The Miami Marlins and St. Louis Cardinals have halted plans for a $100 million upgrade to their spring training facility in Jupiter.
But to the fans and community, the teams say not to worry. They say they are simply pausing to regroup and reassess their needs, wants and the cost of the project.
“Both teams like where we are. The county and the state and the town all like us and want us to stay. There’s no reason to panic on this issue for people that love coming to the Jupiter area for spring training,” Bill DeWitt III, president of the Cardinals, told The Palm Beach Post on Thursday.
Jupiter Mayor Todd Wodraska said spring training baseball is a vital part of Abacoa and the town is committed to keeping it there.
“We’re hopeful that this delay isn’t anything more than that, just a delay,” he said.
The Marlins and the Cardinals have a lease to use the county-owned Roger Dean Chevrolet Stadium through 2027. The renovation would have extended the lease until 2047.
DeWitt estimated it could be a year before the plans get back on track. He said there is no immediate pressure to meet a deadline because the lease doesn’t expire for nine years.
The stadium renovation plan the teams presented in May to the county’s Tourist Development Council included an overhaul of the clubhouses, offices, training areas and public spaces. It also sought to expand the team store; add more batting tunnels, agility fields and Wi-Fi for fans; and provide a new scoreboard and more shaded seating areas.
The missing element, DeWitt said, was additional parking. He said that’s an issue in an area that is constantly growing and will have to be addressed.
The project depends on money from the county and the state, with a portion paid from both teams.
Jupiter officials said they contemplated making a financial contribution toward a parking garage or giving money to the teams. But a formal vote had yet to take place, Wodraska said.
While the teams hoped to get as much as $50 million from the state over a 25-year period, the request from the county is unknown.
A county allocation would come from tourism taxes. The county collects about $50 million a year from a 6 percent bed tax levied on hotel stays and vacation rentals.
Tourism leaders are exploring an expansion of the Palm Beach County Convention Center in downtown West Palm Beach, which could cost $100 million. That expansion and the stadium renovation could leave the county struggling to pay for other tourism-generating projects that might be brought forward over the next two decades, some tourist council members feared.
DeWitt said Thursday that the formula of who would pay what for the stadium upgrade hadn’t been worked out.
“It was starting to get to where our goals for the project weren’t going to be able to be achieved,” DeWitt said.
The tourist council did not vote on the request and planned to discuss it at a workshop. Its recommendation would be given to the county commission, which would ultimately make the decision. But once county staff received notice of the stall on July 2, the council removed the topic from Thursday’s workshop agenda and from the July 24 county commission workshop, according to documents.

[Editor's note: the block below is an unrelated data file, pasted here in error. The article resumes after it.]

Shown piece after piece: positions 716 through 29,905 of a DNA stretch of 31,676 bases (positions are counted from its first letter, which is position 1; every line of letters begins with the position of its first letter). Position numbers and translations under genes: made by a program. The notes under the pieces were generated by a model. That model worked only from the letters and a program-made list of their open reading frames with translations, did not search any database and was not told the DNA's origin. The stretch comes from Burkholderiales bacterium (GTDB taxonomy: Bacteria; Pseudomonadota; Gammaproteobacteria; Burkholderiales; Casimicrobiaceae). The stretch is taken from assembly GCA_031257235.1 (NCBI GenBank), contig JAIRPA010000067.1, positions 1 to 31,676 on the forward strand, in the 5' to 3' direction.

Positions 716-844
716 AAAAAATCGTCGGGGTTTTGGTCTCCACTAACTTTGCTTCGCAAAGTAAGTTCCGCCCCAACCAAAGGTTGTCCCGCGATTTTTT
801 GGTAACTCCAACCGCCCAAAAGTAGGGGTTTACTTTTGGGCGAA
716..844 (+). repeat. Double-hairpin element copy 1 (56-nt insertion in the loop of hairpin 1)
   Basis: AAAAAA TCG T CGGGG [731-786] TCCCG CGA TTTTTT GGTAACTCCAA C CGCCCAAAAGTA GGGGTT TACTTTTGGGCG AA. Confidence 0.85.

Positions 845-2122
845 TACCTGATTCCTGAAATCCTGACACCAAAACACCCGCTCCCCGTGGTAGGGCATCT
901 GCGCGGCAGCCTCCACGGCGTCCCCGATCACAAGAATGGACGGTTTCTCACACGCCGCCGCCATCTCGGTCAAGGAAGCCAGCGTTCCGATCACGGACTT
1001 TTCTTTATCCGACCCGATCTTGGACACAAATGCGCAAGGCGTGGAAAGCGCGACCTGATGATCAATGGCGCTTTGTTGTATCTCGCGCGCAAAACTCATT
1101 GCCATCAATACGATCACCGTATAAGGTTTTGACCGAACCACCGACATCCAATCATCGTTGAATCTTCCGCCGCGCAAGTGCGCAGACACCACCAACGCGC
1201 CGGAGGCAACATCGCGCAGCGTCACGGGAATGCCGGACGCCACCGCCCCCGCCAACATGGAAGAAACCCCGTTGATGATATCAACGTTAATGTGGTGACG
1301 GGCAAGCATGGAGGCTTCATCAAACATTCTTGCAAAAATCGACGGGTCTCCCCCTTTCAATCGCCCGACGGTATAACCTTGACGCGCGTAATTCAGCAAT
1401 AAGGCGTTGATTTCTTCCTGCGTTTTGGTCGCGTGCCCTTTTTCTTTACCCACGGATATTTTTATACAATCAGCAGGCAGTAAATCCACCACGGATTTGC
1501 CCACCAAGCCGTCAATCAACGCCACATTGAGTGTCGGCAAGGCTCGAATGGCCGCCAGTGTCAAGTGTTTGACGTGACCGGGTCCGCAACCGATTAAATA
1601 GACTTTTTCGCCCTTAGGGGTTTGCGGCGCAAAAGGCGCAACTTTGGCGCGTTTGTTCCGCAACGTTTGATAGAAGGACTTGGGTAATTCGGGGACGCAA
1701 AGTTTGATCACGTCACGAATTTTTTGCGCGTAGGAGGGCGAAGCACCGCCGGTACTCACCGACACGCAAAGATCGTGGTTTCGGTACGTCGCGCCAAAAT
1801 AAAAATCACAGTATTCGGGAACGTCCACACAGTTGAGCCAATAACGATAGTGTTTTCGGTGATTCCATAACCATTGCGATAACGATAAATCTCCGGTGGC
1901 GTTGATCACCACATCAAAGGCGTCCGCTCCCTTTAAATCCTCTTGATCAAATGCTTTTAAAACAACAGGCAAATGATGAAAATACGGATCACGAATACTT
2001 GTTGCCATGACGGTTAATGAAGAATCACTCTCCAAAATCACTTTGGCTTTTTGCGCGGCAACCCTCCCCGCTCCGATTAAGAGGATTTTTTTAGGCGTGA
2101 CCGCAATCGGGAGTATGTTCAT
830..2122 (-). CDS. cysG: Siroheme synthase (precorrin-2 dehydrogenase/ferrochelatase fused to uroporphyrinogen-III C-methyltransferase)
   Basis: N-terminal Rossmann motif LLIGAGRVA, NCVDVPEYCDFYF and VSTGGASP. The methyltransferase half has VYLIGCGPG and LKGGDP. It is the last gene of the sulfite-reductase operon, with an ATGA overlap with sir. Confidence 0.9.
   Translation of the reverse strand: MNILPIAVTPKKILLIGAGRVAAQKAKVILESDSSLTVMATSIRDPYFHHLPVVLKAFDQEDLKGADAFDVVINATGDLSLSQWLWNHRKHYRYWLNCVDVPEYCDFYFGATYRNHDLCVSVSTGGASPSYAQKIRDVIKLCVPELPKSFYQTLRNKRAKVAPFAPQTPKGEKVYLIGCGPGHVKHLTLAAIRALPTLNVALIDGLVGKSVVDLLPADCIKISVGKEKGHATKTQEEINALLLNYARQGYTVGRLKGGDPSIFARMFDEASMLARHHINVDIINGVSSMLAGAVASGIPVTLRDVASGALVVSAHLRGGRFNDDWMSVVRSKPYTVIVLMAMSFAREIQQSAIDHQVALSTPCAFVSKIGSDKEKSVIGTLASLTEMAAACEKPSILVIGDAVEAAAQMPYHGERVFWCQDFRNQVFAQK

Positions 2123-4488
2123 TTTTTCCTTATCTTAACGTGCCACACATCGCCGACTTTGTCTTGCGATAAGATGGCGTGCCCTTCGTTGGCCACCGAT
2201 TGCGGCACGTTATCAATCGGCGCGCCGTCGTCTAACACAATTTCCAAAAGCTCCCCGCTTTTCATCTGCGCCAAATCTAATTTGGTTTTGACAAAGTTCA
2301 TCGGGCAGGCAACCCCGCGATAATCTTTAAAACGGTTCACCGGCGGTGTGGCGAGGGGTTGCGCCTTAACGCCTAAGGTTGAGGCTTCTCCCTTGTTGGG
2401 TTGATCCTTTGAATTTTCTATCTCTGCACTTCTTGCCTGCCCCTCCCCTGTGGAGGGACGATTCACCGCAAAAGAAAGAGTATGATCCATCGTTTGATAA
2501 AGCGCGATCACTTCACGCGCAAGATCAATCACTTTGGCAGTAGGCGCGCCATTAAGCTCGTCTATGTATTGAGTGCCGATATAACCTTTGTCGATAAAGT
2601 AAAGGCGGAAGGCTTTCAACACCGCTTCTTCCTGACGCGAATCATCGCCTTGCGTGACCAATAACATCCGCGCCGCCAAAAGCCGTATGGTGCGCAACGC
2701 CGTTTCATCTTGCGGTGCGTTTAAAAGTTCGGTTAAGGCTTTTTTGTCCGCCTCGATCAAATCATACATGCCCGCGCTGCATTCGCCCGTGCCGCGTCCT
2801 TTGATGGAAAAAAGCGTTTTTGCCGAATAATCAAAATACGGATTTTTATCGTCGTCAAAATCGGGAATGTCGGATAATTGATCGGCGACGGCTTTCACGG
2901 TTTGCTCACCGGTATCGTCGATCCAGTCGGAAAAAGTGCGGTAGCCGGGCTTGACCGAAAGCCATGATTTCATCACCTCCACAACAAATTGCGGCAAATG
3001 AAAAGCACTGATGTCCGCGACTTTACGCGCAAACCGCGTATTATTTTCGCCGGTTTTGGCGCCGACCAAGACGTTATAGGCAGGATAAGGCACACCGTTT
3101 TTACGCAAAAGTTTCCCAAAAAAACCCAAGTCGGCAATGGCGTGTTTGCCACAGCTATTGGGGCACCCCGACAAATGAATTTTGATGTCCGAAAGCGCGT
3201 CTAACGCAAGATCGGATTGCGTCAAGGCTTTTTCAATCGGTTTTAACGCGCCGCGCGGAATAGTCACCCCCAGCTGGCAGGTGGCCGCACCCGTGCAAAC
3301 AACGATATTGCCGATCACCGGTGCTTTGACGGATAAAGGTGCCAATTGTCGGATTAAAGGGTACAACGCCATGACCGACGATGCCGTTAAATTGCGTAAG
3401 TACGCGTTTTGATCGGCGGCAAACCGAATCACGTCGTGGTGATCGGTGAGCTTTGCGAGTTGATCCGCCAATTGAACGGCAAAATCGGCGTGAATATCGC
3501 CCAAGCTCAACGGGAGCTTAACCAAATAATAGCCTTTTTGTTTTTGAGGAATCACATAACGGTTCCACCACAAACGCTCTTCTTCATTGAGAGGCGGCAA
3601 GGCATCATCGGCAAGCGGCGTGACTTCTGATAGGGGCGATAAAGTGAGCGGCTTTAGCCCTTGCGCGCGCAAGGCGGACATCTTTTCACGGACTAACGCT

“We look forward to resuming the conversations with the (tourism council) and the county as soon as possible,” said Jason Latimer, the Marlins’ vice president of communications and outreach.
Commissioner Hal Valeche, whose district includes Abacoa, said not to “read too much” into the delay.
“I think we are committed as a county to keeping the Cardinals and Marlins here and like in any negotiation, both parties want the same outcome, so I think we will get there,” he said.
Valeche said county staff and the teams will likely discuss the scope of the expansion project in detail because of the “finite supply” of bed tax money.
But the 7,000-seat stadium is said to need an upgrade to remain competitive. It opened in 1998 and has never had a major renovation, county officials said.
Palm Beach County is also the spring training home for the Houston Astros and Washington Nationals. They play at the Fitteam Ballpark of the Palm Beaches in West Palm Beach, a $150 million facility that opened in 2017 on a former landfill. It was financed in part with $113 million from the county tourism tax and $50 million from the state. The teams’ leases expire in 2047.
Attendance at both stadiums was 281,412 this past spring. At Roger Dean, the 45-day spring training period attracted 139,478 fans.
Claude Delorme, executive vice president of operations and events for the Marlins, previously said Roger Dean’s basic systems, including its plumbing lines, are in need of significant upgrades.
“Understand if we leave the building the way it is, it is going to cost everyone a lot more,” Delorme said. “Leaving it as it is will become a problem.”
DeWitt said the next steps are tightening the budget, continuing parking discussions and getting everyone on the same page — the teams, the county, the tourism council, the state and Jupiter.
“Everybody is intent on solving these problems. I think a little time needs to pass before we’re ready to get back at it again,” he said.